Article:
posted by grabbingsand at 5:49 PM on March 4, 2008


Yes, grabbingsand, it's "Our Country's Good", and this is my second production - my first was in college (grad school) too!

Because this is off-Off-Broadway, I am the co-producer, make-up artist, and I'm playing Liz. When we did the show at school, we had some talented folks from the costume department create the scars and apply them every night. They were created from latex and could be removed and re-used. They looked fantastic. However, I have a day job (as does my Sideway), and we have about an hour to warm-up, get into costume and make him up, so it's gotta be quick and dirty. I've been applying collodion, which is transparent and tightens on the skin causing it to wrinkle and pucker - great for texture, but not as good for depth. I think the depth will have to be created with contouring.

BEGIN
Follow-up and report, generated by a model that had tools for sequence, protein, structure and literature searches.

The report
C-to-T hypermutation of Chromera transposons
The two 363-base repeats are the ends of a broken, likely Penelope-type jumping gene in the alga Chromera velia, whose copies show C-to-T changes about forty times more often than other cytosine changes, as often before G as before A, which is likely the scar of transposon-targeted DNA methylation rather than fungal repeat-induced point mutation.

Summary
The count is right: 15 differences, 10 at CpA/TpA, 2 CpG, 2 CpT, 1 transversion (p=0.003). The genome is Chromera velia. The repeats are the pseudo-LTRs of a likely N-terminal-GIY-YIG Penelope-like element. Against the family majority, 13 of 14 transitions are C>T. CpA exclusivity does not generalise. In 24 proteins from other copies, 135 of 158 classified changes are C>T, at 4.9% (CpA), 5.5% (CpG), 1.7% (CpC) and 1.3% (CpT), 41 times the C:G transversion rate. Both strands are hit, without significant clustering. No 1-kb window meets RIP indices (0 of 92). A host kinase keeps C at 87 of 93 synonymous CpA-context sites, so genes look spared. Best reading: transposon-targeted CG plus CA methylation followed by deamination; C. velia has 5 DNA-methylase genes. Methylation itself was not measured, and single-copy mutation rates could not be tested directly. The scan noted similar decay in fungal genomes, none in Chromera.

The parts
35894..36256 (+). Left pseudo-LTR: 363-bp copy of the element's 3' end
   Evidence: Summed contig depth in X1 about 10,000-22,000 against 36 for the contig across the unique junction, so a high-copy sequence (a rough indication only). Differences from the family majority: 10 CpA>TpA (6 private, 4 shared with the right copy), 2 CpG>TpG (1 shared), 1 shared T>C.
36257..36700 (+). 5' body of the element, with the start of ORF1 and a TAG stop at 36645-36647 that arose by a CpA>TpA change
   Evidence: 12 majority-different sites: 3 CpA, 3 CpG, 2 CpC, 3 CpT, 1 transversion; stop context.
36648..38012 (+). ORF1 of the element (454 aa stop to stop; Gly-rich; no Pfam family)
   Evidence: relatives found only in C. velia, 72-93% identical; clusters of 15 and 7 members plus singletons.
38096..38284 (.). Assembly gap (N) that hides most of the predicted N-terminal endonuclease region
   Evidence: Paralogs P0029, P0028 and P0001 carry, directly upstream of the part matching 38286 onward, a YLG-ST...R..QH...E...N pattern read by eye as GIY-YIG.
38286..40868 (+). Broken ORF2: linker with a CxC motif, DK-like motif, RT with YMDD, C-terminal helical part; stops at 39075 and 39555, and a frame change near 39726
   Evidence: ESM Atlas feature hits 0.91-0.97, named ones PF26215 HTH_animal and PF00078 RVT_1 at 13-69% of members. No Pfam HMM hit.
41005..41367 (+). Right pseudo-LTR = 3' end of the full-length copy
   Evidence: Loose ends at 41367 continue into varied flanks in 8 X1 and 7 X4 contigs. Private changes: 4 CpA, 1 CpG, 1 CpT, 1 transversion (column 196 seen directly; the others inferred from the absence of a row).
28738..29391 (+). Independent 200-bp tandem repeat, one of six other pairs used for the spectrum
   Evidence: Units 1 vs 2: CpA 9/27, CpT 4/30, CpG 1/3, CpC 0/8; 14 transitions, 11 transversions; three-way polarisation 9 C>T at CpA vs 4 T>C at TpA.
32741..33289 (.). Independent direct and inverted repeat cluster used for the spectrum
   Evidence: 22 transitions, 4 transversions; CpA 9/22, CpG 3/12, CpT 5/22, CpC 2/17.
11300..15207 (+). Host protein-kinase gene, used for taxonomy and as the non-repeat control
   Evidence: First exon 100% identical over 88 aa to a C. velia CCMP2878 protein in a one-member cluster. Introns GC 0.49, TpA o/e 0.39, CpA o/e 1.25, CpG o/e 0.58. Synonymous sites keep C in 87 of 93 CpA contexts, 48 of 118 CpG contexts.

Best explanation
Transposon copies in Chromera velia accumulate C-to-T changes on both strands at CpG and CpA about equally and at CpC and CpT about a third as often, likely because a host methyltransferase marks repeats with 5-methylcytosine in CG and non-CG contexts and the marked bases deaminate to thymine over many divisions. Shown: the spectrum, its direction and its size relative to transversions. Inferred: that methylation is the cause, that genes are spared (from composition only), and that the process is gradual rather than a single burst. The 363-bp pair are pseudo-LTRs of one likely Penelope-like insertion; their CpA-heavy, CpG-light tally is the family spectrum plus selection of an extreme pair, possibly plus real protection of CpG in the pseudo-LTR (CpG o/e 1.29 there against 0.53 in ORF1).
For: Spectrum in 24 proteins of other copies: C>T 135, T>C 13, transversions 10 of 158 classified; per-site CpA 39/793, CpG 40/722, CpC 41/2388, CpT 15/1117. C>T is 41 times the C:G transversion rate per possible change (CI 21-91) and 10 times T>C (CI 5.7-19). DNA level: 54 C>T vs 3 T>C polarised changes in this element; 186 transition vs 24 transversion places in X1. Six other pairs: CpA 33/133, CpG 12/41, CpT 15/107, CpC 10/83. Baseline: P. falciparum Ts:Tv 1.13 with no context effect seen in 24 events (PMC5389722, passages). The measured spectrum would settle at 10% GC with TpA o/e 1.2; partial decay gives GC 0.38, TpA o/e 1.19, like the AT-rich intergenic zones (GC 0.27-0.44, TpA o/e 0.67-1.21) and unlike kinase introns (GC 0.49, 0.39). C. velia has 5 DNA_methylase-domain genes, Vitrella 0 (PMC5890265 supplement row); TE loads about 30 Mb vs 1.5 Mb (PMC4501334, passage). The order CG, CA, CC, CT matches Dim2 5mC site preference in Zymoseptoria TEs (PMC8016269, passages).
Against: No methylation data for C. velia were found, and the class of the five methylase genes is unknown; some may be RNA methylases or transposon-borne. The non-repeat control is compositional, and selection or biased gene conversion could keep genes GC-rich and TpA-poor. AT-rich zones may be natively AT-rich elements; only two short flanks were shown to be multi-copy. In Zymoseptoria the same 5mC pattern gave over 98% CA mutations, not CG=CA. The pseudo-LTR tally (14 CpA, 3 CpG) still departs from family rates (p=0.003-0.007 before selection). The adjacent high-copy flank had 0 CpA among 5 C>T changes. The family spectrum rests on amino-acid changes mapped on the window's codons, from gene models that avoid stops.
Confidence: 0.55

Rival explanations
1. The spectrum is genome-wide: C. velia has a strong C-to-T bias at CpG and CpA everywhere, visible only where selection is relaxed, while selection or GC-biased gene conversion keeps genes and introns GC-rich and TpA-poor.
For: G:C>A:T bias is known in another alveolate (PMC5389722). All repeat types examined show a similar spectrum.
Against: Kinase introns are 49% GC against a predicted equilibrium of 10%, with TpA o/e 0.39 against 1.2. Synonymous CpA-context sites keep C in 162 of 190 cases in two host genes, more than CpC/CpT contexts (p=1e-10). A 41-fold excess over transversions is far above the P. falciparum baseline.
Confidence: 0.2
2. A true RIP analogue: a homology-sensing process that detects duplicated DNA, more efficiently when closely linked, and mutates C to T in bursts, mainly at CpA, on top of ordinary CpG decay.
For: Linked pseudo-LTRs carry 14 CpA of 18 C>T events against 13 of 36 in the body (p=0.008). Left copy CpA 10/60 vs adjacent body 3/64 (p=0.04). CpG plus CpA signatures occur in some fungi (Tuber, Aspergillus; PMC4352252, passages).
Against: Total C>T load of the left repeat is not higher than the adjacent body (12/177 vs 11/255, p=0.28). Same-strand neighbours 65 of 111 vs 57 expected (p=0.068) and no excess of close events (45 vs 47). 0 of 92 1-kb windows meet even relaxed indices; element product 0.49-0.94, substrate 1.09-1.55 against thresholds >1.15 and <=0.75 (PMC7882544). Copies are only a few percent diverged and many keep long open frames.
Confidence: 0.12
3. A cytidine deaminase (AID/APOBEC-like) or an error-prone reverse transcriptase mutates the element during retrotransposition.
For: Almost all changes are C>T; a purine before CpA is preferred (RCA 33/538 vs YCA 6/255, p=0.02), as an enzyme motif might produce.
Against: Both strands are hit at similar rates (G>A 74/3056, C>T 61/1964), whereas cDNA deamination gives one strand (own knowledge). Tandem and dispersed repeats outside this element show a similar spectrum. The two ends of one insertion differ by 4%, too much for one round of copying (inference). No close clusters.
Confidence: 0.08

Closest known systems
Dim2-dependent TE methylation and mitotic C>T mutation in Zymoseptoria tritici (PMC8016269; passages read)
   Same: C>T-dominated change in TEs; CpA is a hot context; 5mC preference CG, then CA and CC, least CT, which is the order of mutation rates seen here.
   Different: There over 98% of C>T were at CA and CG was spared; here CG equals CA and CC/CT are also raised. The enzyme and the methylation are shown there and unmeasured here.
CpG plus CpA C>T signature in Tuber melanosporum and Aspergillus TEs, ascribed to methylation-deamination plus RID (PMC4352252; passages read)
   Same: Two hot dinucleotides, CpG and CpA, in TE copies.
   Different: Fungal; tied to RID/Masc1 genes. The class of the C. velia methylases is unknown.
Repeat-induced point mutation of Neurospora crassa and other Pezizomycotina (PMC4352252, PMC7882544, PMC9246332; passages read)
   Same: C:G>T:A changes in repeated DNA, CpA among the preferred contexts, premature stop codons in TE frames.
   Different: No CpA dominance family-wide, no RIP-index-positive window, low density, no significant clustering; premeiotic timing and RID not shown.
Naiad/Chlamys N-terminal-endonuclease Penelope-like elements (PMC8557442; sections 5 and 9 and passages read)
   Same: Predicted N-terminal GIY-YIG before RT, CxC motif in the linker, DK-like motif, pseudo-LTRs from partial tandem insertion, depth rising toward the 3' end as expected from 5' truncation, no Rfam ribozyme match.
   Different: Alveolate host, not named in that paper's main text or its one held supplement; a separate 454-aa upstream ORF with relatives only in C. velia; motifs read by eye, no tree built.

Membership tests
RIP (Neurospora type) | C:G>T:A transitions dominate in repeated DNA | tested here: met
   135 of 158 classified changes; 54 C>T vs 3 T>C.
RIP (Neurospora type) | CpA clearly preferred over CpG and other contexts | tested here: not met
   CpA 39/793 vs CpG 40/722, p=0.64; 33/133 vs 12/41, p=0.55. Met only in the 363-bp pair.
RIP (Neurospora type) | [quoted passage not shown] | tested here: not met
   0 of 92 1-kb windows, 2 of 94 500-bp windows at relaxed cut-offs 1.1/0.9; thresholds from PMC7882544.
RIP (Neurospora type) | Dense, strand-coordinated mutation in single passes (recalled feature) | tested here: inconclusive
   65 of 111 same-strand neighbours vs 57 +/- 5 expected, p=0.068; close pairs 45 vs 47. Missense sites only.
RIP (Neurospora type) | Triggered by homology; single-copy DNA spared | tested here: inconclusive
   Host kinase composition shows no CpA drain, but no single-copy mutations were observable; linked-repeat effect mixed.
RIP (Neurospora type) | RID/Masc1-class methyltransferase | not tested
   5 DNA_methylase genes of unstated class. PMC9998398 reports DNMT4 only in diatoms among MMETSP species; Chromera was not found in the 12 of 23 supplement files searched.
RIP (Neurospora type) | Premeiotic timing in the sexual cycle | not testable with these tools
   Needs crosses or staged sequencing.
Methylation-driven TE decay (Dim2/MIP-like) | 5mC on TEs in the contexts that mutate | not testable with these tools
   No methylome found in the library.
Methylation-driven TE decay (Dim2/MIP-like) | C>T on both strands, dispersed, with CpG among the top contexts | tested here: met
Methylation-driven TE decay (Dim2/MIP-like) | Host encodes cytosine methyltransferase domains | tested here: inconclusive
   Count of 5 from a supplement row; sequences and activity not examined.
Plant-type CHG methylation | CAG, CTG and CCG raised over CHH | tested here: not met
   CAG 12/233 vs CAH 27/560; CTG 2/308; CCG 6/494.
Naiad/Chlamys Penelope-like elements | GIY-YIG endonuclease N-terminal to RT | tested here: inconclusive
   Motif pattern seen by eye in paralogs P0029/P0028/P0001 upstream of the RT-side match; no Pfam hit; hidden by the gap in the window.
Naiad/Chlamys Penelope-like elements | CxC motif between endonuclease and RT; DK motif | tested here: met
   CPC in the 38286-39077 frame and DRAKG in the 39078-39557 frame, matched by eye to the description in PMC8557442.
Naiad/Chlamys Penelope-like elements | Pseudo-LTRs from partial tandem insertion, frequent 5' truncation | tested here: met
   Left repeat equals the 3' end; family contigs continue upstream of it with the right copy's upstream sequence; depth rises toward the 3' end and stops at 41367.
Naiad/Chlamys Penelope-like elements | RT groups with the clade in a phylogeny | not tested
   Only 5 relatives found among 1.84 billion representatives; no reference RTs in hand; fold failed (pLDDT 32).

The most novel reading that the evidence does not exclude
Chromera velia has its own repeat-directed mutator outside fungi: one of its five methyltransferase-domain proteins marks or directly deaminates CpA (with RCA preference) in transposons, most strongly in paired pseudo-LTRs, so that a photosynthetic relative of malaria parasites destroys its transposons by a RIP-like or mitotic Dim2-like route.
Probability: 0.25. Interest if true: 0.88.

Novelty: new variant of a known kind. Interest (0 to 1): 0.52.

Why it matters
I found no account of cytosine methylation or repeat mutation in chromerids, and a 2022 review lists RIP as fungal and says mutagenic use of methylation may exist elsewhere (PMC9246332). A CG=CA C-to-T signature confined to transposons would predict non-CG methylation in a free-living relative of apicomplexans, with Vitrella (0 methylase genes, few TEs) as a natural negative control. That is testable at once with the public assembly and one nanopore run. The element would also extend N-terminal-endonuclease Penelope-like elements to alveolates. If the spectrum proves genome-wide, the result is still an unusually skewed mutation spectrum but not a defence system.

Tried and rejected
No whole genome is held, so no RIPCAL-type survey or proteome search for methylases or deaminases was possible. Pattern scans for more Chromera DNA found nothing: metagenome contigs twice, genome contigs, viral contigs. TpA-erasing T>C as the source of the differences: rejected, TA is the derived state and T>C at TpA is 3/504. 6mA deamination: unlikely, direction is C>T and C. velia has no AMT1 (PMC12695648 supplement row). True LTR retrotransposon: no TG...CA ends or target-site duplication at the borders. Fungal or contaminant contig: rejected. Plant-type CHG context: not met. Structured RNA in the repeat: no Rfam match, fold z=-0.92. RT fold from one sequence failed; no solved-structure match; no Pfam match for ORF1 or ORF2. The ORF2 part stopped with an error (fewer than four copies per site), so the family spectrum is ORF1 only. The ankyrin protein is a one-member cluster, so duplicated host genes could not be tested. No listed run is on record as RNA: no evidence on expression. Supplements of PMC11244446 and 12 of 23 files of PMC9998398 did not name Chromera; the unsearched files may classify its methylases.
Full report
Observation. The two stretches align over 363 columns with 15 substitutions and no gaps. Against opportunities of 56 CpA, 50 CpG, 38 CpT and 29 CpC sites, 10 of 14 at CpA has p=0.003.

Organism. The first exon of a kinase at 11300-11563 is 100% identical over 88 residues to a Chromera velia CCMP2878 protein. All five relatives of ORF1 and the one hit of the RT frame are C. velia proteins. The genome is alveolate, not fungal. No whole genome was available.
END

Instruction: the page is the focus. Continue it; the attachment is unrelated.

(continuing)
I ordered the scars you linked to about 2 months ago. As you say, they were very cartoonish and very, very orange.

Ideally, the most effective method would be the one you mentioned, but I'm afraid I don't have the time or skill.

I saw a really really abysmally terrible production of that, once.

Apparently a lot of people have. Ours, however, is freakin' fantastic. ;)
posted by Evangeline at 6:37 PM on March 4, 2008


The whip scars on a character in a Toni Morrison book (Beloved, I think?) were repeatedly described as a chokecherry tree across her back. Fairly potent image, that one.
posted by emd3737 at 7:59 PM on March 4, 2008


I can see that they're either hypertrophic or keloid, but as you said, this kind of scarring is more common in dark-skinned individual. The actor I'm working with is just about as pale as they come.

White people can still get keloid/hypertrophic scars. Some people are just prone to them and will get them no matter what, but for everyone, the more traumatic the injury (and the more it's aggravated during the healing process), the more likely a scar will become hypertrophic. I'm also as pale as they come, and my scars are purple, fading to red and brown as they age.